Thanks for your input and perspective.
    Morgan, Most wild rhino's are currently under 24 hour a day armed guards, to prevent or reduce poaching. It may have simply been a case that the managing agency knew the animal was beyond it's breeding capability or in reduced health and was then worth more as a "custom hunt" where the money is used for managing the remaining population and possibly even purchasing additional land for habitat. Which not only benefits the rhinos but all other wildlife species and then also helping the local citizens by spreading the wealth of visiting tourist and sanctioned hunting. Tourism and hunting are proving themselves to benefit the locals to the degree that the locals are self monitoring and control poachers. Poaching benefits only the poacher, while hunting with all of the people the lodges and professional hunters hire benefits the community. A win, win.

    Dale

    Additional info: http://phasa.co.za/what-is-in-the-ne...n-hunting.html
    Last edited by dalewick; 05-22-2015, 07:10 PM.

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  • Morgan101
    replied
    Dalewick: You have forgotten more about wildlife management than I will ever know. I always appreciate your opinion. I was under the impression (maybe naively so) that a Green Hunt was the same experience as a real hunt, on the ground as you described it. You just tranquilized the animal rather killing it. I was also under the impression that the animal was not harmed. Maybe this is info put out by the people who are selling Green Hunts. Still, my heart hurt to think of that old Black Rhino being put down. I think there is a soft spot in my heart (maybe in my head) for rhinos in general. If it was in a controlled environment couldn't it have been put out to pasture, so to speak, and spend its last days in peace?

    Thanks for your input and perspective.

    Leave a comment:


  • dalewick
    replied
    Originally posted by Morgan101 View Post
    I recently read that some guy paid $350,000.00 to shoot an endangered Black Rhino. According to the report the Rhino was old and not an integral part of a population. The money was going to conservation for the Black Rhino. It still didn't sit well with me. It just seemed wrong. I get both sides of the argument, but why not a "Green Hunt". You go through all of the same processes as a regular hunt, but the animal is tranquilized. Take your pictures, and leave. The animal wakes up with a headache. Why did he have to kill it? Shouldn't the be some dignity for an animal that survives that long?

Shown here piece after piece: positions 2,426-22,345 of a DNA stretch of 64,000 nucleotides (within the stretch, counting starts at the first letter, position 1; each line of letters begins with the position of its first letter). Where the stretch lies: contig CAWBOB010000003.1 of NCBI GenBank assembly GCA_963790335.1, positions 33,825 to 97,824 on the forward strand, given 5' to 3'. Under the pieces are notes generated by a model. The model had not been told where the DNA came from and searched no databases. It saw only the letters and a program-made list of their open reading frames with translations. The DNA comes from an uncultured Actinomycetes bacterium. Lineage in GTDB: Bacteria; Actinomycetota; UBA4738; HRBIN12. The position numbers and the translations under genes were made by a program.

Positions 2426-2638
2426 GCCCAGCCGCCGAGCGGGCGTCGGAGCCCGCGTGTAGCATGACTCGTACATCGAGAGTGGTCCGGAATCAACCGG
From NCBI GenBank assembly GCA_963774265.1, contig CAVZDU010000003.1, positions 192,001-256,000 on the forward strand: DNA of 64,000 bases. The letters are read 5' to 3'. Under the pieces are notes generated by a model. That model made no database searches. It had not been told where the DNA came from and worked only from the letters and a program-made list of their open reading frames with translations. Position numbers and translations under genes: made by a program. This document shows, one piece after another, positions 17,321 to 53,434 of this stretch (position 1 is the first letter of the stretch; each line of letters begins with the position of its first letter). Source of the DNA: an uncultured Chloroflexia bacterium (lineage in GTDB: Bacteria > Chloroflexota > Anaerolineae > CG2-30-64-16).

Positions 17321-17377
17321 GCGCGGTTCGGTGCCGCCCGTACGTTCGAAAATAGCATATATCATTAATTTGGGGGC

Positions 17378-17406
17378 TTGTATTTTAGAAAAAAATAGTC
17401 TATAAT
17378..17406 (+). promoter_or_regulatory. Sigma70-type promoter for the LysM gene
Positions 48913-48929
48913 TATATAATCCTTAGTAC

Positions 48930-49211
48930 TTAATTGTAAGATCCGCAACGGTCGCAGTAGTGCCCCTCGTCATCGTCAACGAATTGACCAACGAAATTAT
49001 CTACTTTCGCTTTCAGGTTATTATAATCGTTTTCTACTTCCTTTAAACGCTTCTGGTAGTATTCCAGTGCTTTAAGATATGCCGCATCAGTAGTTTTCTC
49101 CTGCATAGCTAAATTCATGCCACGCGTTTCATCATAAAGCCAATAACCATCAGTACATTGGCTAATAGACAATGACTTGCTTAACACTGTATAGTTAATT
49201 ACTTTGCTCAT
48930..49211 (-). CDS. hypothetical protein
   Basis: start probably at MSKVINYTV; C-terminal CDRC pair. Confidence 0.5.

Morgan,
    I understand your feelings on what I consider a "canned hunt" but I'm not a fan of "Green hunts" either. It's not the killing of the animal that I object to but the ethics of fair play in the hunt. If you want to hunt dangerous game animals that can kill you, then hunt them on the ground with the animal so it has the opportunity to kill you also.

    The biological and management aspects of hunting though, is to kill and remove those animals from the population. Either for habitat management or for managing the human/wildlife conflict dynamics. Without hunting (human and natural predation) the wildlife is subject to the forces of nature which are very destructive,(disease, starvation, etc.) not only the for the wildlife populations but also for there habitats. Green hunts do nothing to enhance wildlife management and often result in the death of the tranquilized animal anyway after it has been released. Which results in the waste of that animal. Wild animals are often stressed to the point of death when tranquilized, even with the best of after action/capture treatment.
    Just wanted to put the info out there as it's often kept quiet within the wildlife management profession.

    Dale

    Leave a comment:


  • Morgan101
    replied
    I recently read that some guy paid $350,000.00 to shoot an endangered Black Rhino. According to the report the Rhino was old and not an integral part of a population. The money was going to conservation for the Black Rhino. It still didn't sit well with me. It just seemed wrong. I get both sides of the argument, but why not a "Green Hunt". You go through all of the same processes as a regular hunt, but the animal is tranquilized. Take your pictures, and leave. The animal wakes up with a headache. Why did he have to kill it? Shouldn't the be some dignity for an animal that survives that long?

    Leave a comment:


  • Capt Nat
    replied
    It's hard to put my feelings on this into words accurately.